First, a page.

One of the most exciting aspects of being a self-published author is having control over the design, branding and marketing of your book. I’d been looking forward to the cover design for ages, but before I got started I spent some time browsing around Waterstones to get a feel for trends. I also read a lot of information about self-published book covers.
While there was disagreement over what made a good cover, one piece of advice was consistent: that the book should fit in with what is expected of its genre. This, I imagine, is why authors and publishers often fall out over covers, because the author is committed to their artistic vision of their story, while the publisher and bookseller want to position it visually in the marketplace so that the right readers are drawn to it.
My novel sits broadly within the contemporary women’s fiction genre, since it’s written in an accessible style with a central female character who is dealing with relationships and other relatable women’s issues. However, it’s also gritty in parts. My two middle-aged characters are facing unemployment, poverty and mental ill-health. It’s set in a charity shop in Manchester, so not the most obviously glamorous location. If my choice of fonts and images on the cover were to suggest a sexy romance or high heels and shopping, it would no doubt come as a massive disappointment to the reader who downloaded it to their Kindle to take on holiday.
I needed a design that would give a prospective buyer a reasonable indication of what kind of book it was, and that felt right for the tone and mood of the story. I also wanted it to be eye-catching and have artistic merit.
My initial idea was inspired by a friend’s comment on my title, The Beauty of Broken Things. She said it reminded her of Kintsugi, the Japanese art of repairing broken pottery with powdered gold or silver. As a philosophy, it treats breakage and repair as part of the history of an object, rather than something to disguise.
It suited the core message of my book, which is that people who have suffered adversity or struggled with their mental health can also possess amazing strength and beauty of character, not just in spite of their difficulties or imperfections, but as a result of them.
As I was searching through stock photo libraries for Kintsugi images, I came across other art forms that incorporated the concept of brokenness, including the mosaics designed by Antoni Gaudi at Parc Guell in Barcelona, which use the Trencadis technique of creating stunning new patterns out of waste pieces of ceramics. At once I was sure their rich intense colours would make for a striking book cover, as well as being thematically representative.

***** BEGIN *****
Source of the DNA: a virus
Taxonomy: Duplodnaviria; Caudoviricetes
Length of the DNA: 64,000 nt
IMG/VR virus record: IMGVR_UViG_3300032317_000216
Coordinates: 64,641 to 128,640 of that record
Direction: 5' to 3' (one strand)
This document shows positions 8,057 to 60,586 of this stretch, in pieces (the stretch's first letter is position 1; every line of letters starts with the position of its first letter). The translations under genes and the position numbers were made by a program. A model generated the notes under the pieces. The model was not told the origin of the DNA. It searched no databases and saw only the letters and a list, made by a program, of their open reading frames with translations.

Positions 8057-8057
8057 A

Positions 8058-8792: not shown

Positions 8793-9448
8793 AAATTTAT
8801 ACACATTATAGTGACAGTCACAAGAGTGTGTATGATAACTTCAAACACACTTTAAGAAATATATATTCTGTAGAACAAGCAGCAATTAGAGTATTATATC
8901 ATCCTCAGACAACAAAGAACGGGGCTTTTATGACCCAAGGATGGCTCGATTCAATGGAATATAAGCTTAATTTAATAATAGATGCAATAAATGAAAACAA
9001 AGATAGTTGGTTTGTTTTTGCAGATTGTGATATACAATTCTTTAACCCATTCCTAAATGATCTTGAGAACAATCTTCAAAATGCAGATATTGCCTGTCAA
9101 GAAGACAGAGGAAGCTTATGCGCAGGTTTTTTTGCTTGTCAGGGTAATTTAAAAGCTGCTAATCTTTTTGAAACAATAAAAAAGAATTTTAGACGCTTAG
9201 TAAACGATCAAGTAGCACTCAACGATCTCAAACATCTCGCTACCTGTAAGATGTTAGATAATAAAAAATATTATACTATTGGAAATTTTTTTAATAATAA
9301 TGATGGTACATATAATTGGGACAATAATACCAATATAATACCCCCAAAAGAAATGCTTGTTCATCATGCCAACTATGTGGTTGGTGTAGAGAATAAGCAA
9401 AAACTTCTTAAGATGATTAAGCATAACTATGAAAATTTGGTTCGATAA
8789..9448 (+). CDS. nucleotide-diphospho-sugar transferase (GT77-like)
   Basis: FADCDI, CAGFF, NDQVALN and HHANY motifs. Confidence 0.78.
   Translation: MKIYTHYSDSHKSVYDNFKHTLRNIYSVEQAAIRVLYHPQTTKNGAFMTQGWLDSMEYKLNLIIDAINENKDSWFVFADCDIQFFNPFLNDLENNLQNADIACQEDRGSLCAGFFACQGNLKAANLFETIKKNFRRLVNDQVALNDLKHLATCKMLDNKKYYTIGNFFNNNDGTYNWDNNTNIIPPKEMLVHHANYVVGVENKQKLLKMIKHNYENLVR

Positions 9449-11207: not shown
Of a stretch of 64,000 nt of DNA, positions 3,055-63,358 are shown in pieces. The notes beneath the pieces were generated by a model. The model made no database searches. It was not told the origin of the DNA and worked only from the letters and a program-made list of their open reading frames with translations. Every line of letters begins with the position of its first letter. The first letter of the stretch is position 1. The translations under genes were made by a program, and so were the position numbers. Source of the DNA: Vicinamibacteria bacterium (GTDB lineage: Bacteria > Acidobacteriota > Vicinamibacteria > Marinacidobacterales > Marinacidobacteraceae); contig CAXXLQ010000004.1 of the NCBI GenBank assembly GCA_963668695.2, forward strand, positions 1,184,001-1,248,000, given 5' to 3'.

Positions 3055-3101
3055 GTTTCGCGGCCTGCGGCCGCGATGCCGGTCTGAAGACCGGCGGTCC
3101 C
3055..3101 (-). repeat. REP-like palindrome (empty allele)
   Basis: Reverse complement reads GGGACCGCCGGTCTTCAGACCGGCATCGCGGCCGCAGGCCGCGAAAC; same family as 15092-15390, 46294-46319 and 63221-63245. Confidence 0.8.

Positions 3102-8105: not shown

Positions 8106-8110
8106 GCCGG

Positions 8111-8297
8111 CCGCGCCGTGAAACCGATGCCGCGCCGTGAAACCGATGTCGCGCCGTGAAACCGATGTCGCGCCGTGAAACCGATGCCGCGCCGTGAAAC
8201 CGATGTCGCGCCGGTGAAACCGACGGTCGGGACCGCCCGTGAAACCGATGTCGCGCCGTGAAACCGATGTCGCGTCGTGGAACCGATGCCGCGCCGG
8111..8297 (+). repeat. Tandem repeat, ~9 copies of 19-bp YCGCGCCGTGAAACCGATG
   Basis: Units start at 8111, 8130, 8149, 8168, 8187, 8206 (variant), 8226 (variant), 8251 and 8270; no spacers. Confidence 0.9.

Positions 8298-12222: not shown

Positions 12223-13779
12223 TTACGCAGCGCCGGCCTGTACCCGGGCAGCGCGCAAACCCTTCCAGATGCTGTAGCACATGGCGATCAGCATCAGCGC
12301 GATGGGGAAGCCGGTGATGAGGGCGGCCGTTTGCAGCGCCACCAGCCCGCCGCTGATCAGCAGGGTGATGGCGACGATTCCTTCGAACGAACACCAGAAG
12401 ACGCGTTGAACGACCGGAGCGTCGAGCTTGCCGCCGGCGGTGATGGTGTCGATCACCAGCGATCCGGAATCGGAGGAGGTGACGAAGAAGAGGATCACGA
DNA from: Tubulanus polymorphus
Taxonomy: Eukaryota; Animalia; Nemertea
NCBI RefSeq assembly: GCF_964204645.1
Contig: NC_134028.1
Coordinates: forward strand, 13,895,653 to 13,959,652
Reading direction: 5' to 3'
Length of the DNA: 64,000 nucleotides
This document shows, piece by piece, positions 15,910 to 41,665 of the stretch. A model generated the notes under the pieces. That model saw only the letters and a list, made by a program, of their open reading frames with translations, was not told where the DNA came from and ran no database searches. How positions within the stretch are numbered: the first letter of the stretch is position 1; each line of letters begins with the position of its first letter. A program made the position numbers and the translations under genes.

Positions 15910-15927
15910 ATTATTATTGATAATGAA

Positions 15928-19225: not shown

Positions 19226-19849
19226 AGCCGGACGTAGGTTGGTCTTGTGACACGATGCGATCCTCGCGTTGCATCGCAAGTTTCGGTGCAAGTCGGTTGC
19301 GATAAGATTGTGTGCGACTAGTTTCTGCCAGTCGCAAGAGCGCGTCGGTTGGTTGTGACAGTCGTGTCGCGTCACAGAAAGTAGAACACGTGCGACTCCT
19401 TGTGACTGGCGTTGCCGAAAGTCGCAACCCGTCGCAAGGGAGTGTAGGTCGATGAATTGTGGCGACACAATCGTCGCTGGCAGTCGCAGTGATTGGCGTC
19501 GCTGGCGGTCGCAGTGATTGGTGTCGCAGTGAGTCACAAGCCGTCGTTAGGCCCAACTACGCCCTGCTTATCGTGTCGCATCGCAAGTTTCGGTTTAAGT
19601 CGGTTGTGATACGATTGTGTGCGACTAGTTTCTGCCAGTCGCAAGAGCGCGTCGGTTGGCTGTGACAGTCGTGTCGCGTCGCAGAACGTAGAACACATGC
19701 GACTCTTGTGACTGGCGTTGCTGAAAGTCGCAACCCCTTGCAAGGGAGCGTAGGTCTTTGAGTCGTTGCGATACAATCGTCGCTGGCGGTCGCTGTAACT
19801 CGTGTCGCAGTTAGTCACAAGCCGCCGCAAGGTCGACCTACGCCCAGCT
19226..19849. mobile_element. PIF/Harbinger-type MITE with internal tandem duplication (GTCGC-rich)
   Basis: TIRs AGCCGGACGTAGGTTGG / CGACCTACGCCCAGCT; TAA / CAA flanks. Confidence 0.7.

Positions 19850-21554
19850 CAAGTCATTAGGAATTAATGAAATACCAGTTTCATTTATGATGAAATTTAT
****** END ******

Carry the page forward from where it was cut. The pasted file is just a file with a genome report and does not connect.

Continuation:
My husband came up with the idea of cutting out the spaces within the mosaic for the title text, and I immediately loved it. Once we’d sourced the perfect image he got started on the artwork. We also bought a license to use the font, because once I’d seen it I knew I wasn’t going to be happy with any other.
Although Tony isn’t a graphic designer by profession, he produces a variety of marketing materials for his own business and he is a natural artist, so I was confident he’d do a good job. His attention to detail was great, right down to using Photoshop to line the edges of the cut-out areas with the same cement that was used in the mosaic. I am delighted with the results, and hope my readers will be too.
Of course there can be pitfalls when embarking on a creative project with a partner or friend. Most self-publishing experts advise against using a non-professional to do your cover. All I can say is that in my case, it was the right choice for me. I found it easier to communicate what I wanted and to be assertive about what wasn’t working than I would have done with a stranger. Another benefit was that Tony had read the whole book, while cover designers typically rely on a synopsis or extract.
One of the many advantages of self-publishing is that a cover can easily be changed if it’s not working, or can be tested against a new version to measure performance. I’d be sorry to say goodbye to the mosaic though, as I love its colourful jumbled beauty. Hopefully I’ll visit Barcelona one day and see the real thing.
The Beauty of Broken Things will be published on 10th October 2018, which is World Mental Health Day.
Image: Sandra Veronica/Shutterstock.com